Kathryn: The ideas of oneness and wholeness appear throughout the book.  At one point, you write, “If you want to experience your own wholeness, give yourself completely to whatever you do.” (195)  In this sense—and in much of the book—writing seems to be the way to spiritual fulfillment.  How do you find this happens in your writing practice?  And how have you seen it in others?

Peter: First off, I think we do want wholeness.  We want what Allen Ginsberg referred to when he wrote in his poem, Song, “yes, yes/that’s what/I wanted/I always wanted/ I always wanted/ to return/ to my body/ where I was born.”  That’s the body of wholeness, what the Buddhists call our true nature.

I think when we give ourselves fully to any activity, we accomplish this return and, in part, a kind of spiritual fulfillment is the result.  For the moment, our quest is satisfied.  But, oddly enough, since we are immersed in the activity itself, we may not be aware of this fulfillment in the precise moment it is taking place.  It’s that sort of wholehearted immersion in doing that allows us to experience our own wholeness.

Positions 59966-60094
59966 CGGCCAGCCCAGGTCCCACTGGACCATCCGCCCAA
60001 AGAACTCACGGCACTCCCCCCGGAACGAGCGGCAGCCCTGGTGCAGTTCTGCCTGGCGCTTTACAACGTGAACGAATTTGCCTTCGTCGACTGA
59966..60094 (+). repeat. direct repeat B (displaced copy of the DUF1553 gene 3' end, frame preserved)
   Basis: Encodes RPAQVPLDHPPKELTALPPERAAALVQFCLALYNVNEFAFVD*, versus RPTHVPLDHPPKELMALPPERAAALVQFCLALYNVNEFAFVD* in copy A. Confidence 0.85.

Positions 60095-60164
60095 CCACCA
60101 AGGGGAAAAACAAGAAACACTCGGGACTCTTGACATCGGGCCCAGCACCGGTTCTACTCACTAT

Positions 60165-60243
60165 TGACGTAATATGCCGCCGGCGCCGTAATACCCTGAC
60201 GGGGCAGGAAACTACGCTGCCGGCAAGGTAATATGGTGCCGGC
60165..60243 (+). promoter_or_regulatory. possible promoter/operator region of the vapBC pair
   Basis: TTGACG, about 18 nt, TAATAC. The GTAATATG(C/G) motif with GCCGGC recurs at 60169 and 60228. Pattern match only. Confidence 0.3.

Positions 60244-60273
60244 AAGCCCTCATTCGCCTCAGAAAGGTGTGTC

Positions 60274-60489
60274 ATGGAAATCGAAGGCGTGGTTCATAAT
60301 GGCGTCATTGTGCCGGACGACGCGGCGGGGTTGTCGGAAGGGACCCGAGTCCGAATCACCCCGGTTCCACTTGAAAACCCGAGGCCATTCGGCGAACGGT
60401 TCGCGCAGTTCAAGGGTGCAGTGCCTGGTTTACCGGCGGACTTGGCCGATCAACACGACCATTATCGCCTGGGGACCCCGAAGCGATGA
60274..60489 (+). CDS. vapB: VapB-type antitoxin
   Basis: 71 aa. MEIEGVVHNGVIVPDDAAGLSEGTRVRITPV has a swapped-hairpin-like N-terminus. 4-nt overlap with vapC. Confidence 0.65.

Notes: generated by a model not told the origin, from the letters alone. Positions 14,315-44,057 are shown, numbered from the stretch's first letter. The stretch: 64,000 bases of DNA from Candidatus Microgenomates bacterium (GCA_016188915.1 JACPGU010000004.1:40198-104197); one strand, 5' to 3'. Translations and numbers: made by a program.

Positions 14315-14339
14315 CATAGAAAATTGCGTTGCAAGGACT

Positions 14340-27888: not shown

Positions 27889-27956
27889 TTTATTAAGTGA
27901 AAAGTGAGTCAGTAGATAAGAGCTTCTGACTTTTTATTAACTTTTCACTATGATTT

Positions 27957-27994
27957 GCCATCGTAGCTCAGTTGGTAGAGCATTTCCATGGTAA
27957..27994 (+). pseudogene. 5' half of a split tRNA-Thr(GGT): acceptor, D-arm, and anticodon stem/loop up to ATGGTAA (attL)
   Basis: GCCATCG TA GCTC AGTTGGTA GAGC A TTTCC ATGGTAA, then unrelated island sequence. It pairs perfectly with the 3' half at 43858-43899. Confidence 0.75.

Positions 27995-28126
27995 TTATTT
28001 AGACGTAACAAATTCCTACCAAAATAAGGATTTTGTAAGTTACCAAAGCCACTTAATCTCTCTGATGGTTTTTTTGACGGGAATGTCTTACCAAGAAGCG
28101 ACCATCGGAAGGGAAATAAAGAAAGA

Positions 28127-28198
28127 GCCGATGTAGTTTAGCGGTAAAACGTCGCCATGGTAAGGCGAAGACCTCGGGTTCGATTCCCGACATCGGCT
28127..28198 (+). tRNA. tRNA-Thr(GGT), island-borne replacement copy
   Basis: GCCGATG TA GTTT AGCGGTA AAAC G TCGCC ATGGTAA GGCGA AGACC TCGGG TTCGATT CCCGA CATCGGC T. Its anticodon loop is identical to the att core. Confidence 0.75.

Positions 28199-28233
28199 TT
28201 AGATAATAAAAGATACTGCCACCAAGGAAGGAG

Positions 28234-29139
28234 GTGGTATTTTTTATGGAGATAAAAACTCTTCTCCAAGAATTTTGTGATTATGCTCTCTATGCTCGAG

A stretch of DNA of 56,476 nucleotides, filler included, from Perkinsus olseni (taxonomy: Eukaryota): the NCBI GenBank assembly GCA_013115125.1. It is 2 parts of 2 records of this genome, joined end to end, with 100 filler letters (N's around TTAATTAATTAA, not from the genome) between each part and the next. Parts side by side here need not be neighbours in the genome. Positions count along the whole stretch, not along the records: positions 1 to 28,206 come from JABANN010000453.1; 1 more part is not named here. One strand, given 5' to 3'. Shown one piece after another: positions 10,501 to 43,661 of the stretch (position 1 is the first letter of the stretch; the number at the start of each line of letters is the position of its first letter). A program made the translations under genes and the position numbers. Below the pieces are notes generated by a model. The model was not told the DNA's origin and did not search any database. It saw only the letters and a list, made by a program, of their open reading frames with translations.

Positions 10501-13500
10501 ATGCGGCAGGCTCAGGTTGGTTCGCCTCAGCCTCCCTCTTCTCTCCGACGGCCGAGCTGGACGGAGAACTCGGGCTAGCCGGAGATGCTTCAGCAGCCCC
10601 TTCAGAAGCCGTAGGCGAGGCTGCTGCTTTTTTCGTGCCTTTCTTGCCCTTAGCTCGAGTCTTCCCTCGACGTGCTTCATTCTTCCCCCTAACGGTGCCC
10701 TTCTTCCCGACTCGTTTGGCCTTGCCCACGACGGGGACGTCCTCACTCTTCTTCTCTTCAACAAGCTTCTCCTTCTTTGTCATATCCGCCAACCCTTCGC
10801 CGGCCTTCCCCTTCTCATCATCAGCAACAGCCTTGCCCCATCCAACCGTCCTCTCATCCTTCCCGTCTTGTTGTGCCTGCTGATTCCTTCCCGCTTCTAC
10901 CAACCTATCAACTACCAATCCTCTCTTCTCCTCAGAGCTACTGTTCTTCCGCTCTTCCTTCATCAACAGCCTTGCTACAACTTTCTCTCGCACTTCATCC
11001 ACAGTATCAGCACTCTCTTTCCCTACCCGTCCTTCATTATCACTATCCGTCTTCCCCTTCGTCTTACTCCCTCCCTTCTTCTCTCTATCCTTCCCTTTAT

It’s curious, because we experience our wholeness by not being aware of ourselves as separate from our activity.  There is no experience of "writer" and "writing" as distinct or separate entities, no subject and object.  That duality collapses and there is the just the activity itself taking place.  This is why when we are really in our work, so to speak, hours can seem to pass without our having any awareness of this fact at all.  And then we emerge from our activity; many times, completely satisfied.  It is always amazing and really quite thrilling when this happens, don’t you think?